Earlier this month, England’s chief medical officer, Professor Chris Whitty, told cabinet ministers that Britain was prepared to face a tough winter.
Despite the success of the UK’s vaccine rollout, Covid hospitalizations in four countries are already returning to alarming levels, as the virus seeks out unvaccinated and partially protected individuals.
Admittances are usually younger, while significant improvements in treatment have also helped reduce the time spent by COVID patients in the hospital.
Nonetheless, the demand for care has put heavy pressure on hospital services across the country, with health officials warning of a growing summer crisis exacerbated by rising infections, pressure from an ongoing heatwave and thousands of workers returning to offices.
More than half the staff of an NHS trust is absent due to COVID-19 isolation rules, which have led to the cancellation of operations, Independent reported this week.
Meanwhile, the number of Kovid patients in England continues to increase. The Chief Scientific Adviser, Sir Patrick Vallance, told a Downing Street press conference on Monday that he expected the NHS to hospitalize 1,000 patients a day soon.
PHE data shows the weekly hospitalization rate is 5.88 people per 100,000 population – the highest figure since the week ending March 7.
More infections, admissions and deaths are now being recorded across the UK than in the same period last year.
On 18 July 2021 – the latest date included on the government’s COVID dashboard – 788 people were hospitalized with COVID; A year ago 105 patients were admitted. On 22 July, 84 COVID deaths were reported; A year ago this figure was 17.
Professor Gabriel Scali, an expert on public health at the University of Bristol, said the government’s latest contingency plans indicate “there is no real strategy to tackle the virus”.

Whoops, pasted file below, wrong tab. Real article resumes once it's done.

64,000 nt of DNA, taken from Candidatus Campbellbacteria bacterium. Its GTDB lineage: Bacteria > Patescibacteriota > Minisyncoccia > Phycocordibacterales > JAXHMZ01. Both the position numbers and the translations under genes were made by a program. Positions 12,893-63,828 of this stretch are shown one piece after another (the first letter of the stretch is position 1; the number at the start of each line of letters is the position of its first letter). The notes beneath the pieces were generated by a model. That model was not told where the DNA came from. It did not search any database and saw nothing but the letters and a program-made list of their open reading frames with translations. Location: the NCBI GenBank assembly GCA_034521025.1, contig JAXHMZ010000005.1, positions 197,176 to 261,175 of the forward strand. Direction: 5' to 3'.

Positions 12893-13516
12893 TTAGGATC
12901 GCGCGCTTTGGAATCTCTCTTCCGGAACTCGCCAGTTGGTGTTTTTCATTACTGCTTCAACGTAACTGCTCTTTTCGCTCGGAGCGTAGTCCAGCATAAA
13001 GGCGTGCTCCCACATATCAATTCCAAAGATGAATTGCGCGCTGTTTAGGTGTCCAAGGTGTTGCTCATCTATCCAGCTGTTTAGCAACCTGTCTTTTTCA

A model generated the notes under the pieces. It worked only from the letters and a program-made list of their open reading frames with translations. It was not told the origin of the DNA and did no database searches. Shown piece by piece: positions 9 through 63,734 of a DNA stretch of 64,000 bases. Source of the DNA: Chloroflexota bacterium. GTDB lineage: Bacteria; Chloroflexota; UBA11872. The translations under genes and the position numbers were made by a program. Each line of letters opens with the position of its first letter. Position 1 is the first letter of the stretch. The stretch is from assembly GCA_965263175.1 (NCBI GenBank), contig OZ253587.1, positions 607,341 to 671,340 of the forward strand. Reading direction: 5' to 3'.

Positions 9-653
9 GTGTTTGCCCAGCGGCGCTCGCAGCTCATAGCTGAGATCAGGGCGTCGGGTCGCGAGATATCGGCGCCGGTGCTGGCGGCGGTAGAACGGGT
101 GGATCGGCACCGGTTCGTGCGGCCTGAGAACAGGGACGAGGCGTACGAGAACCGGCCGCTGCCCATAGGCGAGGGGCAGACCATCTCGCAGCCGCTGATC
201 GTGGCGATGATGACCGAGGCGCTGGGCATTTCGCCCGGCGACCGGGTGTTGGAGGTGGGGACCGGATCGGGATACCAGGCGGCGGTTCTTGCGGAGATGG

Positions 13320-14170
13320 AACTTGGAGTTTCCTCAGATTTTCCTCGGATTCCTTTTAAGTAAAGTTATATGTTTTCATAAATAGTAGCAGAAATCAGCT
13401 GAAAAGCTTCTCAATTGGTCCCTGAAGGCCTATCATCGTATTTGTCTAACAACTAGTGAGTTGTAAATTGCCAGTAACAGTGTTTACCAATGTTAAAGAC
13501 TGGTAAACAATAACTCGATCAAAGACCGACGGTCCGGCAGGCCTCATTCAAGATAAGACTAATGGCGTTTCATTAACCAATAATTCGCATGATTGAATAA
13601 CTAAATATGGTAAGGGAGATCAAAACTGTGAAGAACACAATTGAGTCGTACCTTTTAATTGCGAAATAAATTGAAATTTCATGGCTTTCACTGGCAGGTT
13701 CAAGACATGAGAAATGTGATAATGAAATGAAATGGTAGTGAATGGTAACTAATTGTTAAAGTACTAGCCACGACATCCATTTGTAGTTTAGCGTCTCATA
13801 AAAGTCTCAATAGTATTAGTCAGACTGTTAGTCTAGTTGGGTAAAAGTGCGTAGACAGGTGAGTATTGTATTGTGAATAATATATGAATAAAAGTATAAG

“We need to grow up to deal with this virus,” he said. “The government is a one trick pony. They simply plan to end the restrictions and then declare emergency action to reimpose the restrictions.
Professor Paul Hunter, an expert in health protection and infectious diseases at the University of East Anglia, said it was difficult to know at this stage whether measures would need to be rolled back, adding that the government had made the right decision in lifting the restrictions. Monday.
“It depends on how fast the hospitalizations are increasing,” he said. “If you know what the cases are doing now, you can estimate how many people are going to be in hospitals in two weeks time.
“But predicting what is going to happen with the cases in a month’s time, we do not know. And modeling is everywhere.
“We’ll know in about three weeks if we haven’t screwed up. But I think we didn’t. We may also see a decrease in cases. But that’s wishful thinking.”
Shadow Health Secretary, Labor’s Jonathan Ashworth called on the PM to “catch up”. “Ministers mix messages, change perspectives and scuttle proposals, now we are facing the heat of anarchy,” he said. “The government opened casually at the expense of public health.”